Yesterday's extreme nor'easter fell to 955 mb pressure, according to NOAA's HPC:
In Atlantic Canada, this beat out the "White Juan" storm of 2004, but not the January 2000 storm off the New England coast which was 954mb, according to @stormchas4 on Twitter. Below is a list of the top wind gusts that I could find. Brett Anderson has some incredible photos and a more comprehensive listing of the Canadian wind gusts.
*Are these readings accurate? Both are unmanned but official Canadian weather stations. Both would beat the unofficial 91 mph and official 77 mph readings from "White Juan." Video below: Reporters dumb enough to be at Grand Etang when winds were over 100 mph.
It would also be the second highest wind reading I've seen on a buoy in my last 10 years of blogging. (Due to land interference and lack of instrumentation, even strong hurricanes rarely generate wind gusts over 100 mph on water, much less land.)
Since the buoy had the highest reading and was a station on the water, I took a closer look at it. The data itself looks sound-there were not crazy fluctuations of readings around the time of the gust, which was reported.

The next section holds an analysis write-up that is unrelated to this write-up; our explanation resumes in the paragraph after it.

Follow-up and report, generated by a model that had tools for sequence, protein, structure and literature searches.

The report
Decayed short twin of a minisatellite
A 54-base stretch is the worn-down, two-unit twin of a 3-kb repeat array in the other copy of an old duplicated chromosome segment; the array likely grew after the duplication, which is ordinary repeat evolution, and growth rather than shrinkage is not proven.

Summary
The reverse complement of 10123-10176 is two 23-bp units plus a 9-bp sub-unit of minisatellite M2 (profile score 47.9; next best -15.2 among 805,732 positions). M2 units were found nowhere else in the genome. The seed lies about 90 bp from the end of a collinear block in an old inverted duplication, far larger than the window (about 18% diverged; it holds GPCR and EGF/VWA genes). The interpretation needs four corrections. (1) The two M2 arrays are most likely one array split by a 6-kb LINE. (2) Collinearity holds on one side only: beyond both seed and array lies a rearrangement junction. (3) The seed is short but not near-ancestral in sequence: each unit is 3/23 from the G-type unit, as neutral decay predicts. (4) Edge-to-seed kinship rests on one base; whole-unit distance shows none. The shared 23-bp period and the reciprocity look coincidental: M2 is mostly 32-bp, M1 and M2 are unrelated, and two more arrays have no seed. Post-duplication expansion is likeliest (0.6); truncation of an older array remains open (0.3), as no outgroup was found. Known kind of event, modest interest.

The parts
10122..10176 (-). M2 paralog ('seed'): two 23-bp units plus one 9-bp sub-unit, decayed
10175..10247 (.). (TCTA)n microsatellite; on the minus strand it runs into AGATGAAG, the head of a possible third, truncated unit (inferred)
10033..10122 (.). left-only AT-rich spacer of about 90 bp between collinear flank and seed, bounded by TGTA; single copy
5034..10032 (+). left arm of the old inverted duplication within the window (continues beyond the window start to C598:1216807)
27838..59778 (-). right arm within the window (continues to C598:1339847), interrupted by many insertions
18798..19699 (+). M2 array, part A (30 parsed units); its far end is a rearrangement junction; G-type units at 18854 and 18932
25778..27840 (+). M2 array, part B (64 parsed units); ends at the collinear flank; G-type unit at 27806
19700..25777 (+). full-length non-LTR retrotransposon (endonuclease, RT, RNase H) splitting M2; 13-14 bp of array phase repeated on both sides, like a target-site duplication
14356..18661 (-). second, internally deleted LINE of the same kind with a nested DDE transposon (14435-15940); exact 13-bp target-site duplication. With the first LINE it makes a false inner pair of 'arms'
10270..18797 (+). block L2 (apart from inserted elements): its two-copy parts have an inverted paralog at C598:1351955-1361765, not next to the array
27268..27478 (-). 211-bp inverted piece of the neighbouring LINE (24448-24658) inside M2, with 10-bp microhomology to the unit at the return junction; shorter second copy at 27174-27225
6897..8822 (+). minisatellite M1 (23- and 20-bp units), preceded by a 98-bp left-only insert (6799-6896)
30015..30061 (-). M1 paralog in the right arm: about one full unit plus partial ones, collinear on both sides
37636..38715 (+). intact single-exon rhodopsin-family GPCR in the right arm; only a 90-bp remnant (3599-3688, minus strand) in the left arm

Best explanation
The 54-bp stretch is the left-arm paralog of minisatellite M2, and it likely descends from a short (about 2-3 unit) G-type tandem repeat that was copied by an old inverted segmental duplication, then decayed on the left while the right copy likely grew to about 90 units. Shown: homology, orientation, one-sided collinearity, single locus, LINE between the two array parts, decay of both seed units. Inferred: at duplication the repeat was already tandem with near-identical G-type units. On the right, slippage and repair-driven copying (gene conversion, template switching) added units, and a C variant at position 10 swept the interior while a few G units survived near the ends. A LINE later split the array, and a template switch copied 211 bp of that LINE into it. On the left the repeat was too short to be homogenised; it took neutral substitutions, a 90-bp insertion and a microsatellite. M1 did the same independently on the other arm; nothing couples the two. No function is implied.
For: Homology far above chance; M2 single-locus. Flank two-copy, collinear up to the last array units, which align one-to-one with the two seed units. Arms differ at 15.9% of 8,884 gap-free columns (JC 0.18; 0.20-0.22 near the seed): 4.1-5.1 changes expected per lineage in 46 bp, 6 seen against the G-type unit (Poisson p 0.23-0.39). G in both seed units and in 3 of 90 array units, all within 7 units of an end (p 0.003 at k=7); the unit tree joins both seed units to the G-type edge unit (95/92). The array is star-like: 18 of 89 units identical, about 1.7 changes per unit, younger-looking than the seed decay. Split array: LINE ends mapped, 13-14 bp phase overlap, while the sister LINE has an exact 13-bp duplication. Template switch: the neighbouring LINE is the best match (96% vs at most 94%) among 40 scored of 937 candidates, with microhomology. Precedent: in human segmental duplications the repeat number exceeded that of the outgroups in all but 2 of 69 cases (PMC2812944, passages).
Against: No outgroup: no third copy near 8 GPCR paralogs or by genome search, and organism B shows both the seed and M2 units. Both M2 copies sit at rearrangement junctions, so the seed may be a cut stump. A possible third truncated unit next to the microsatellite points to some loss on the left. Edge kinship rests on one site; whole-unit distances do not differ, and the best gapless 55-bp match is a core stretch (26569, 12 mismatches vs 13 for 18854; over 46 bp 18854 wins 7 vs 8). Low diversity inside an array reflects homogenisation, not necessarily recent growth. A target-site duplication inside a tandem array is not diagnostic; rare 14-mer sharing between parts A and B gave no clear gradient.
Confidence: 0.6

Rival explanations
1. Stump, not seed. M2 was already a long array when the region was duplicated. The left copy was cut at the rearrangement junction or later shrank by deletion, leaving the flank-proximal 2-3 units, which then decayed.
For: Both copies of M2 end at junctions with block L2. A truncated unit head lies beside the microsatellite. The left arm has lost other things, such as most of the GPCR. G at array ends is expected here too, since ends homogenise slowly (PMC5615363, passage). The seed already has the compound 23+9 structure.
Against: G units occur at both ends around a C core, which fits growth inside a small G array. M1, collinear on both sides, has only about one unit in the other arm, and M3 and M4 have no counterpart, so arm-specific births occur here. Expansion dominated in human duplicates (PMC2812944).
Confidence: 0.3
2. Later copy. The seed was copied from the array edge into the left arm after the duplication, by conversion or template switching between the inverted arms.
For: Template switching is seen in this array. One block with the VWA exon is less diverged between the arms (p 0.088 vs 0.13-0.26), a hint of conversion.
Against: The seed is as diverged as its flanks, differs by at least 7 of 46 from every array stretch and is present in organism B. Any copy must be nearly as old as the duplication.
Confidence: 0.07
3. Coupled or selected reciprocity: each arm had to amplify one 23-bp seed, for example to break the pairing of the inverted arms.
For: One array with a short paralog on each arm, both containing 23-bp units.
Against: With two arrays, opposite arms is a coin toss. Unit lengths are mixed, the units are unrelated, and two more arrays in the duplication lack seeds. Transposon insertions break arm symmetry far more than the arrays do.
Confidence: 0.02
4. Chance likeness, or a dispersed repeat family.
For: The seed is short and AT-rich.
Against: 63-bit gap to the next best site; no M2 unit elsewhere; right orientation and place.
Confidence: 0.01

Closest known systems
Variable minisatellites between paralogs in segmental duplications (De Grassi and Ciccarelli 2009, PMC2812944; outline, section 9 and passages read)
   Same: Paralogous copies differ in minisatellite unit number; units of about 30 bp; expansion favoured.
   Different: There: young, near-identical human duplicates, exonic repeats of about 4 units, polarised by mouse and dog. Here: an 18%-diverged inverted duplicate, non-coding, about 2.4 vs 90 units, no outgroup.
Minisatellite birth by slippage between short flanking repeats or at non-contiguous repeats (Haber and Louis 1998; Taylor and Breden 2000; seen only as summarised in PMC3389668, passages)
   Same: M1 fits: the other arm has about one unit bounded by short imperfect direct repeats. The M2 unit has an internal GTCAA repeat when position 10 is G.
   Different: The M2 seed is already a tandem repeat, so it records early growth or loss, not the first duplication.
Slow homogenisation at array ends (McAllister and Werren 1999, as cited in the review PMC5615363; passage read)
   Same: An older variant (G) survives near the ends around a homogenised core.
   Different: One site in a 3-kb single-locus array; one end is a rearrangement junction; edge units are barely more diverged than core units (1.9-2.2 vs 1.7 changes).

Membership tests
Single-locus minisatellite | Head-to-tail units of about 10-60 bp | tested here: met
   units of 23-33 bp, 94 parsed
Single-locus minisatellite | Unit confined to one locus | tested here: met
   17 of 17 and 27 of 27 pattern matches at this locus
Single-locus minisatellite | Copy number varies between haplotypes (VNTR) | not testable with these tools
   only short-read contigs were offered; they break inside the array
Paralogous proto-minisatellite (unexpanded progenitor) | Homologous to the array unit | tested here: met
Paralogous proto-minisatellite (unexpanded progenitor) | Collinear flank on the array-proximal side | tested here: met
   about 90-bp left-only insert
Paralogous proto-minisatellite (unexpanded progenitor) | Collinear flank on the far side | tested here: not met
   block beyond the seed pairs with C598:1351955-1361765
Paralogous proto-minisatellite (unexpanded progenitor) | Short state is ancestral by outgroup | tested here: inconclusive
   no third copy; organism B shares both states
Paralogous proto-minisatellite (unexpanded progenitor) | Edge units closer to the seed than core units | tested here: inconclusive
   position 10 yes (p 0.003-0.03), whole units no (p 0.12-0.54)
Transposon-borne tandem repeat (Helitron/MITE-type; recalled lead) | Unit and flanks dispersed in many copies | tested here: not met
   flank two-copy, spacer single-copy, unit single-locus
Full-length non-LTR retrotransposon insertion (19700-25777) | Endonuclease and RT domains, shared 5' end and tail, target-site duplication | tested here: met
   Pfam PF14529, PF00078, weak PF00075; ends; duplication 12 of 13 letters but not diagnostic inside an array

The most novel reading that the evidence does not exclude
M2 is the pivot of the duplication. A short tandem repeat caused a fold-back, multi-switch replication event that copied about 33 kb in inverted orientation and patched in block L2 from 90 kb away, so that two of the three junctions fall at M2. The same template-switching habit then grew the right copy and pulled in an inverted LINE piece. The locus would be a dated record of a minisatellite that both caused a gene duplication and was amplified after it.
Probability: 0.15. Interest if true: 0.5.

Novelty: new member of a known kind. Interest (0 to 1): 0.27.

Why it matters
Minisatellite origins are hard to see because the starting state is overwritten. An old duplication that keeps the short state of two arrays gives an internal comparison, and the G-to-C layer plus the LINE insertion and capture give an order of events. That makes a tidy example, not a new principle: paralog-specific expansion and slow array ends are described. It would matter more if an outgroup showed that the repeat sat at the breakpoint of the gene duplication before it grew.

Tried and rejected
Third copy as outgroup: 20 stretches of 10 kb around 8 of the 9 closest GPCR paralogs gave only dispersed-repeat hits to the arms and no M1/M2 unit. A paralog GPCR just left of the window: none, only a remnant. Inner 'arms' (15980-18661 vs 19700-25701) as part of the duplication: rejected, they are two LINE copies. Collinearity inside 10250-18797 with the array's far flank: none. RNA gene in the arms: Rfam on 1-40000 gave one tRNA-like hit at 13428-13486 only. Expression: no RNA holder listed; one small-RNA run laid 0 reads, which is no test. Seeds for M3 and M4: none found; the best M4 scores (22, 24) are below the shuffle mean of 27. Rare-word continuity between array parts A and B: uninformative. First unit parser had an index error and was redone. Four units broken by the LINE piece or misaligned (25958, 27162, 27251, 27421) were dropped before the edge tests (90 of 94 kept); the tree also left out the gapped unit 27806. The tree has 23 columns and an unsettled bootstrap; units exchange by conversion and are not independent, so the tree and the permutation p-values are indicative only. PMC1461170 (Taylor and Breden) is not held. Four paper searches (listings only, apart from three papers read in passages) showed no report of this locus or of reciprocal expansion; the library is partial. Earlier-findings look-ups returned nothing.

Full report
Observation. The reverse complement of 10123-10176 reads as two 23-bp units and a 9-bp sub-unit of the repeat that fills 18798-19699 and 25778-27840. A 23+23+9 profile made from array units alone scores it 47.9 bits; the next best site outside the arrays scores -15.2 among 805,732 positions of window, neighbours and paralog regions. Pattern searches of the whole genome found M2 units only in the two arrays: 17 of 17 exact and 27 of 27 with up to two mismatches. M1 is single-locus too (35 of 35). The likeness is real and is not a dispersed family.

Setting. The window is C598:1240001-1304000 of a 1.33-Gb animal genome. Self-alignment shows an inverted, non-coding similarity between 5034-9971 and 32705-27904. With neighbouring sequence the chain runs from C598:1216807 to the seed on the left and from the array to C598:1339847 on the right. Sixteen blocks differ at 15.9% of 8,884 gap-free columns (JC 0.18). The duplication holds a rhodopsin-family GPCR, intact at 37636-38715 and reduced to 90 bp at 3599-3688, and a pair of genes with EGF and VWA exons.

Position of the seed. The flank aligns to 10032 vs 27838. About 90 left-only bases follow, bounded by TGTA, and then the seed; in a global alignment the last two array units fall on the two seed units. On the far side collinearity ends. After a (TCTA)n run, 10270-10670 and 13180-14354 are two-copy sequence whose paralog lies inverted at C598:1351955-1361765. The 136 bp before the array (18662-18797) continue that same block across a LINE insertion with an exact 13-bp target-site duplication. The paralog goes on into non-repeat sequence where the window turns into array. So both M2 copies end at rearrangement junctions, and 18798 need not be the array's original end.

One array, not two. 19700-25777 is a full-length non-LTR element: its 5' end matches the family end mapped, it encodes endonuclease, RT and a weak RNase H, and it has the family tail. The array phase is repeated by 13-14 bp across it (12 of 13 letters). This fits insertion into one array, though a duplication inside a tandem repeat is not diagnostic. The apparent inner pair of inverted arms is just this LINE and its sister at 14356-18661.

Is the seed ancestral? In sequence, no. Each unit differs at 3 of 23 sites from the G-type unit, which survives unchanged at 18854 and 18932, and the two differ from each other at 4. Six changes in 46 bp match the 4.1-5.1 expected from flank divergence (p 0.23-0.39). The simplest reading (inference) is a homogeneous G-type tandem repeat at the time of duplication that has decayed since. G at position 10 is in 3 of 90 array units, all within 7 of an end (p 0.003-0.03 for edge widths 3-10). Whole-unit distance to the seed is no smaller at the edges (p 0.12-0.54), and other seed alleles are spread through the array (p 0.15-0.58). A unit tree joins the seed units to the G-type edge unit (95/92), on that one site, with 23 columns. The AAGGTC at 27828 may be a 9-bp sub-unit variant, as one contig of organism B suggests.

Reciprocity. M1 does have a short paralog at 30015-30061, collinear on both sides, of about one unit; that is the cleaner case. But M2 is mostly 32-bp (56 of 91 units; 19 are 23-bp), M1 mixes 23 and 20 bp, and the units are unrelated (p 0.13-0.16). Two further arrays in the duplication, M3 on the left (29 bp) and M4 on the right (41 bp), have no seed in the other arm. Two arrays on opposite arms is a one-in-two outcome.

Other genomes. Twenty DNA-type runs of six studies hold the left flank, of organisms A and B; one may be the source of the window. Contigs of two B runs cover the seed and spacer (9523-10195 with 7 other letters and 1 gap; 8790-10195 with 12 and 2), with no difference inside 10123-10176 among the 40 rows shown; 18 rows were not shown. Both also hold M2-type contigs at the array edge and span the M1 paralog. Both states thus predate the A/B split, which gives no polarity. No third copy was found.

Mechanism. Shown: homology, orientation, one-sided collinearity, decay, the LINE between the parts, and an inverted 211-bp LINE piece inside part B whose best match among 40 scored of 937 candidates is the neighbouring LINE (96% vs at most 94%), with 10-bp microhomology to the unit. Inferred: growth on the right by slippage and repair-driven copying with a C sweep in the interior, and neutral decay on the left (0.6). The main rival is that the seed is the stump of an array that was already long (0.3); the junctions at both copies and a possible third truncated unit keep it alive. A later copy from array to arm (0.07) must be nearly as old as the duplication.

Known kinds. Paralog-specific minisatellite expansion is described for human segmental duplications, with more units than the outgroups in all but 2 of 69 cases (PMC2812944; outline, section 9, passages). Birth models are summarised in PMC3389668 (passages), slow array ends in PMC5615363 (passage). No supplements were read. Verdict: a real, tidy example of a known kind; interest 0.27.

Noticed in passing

Unfortunately, several stations in the area (and all at-water stations) were out of service at the time when these gusts were recorded, so it's hard to say whether the data matched up with nearby readings. Certainly readings on land were much less, but that's to be expected.
The other thing we can look at is high-resolution model data around the time of the readings. The image below shows estimated winds from the 4-KM NMM model. Unfortunately, it shows the highest winds, between 50 and 60 knots way offshore from where our readings were taken, and much lower readings at the locations where the wind was measured. That's troubling because I would have expected they would be in the worst areas-but of course, models aren't perfect. Given that none of the readings over 60 knots can be verified this way, I don't think that this can rule them out.
Waves over 54 feet were detected by another buoy, which are the largest I've seen, beating former hurricanes including Katrina.
Here is a video showing the storm's pressure, radar, satellite, and storm reports on GREarth software; see yesterday's blog for still images.
This video of the winds (first at surface, then 850 mb) is from the GFS model, via Earth.Nullschool.Net.
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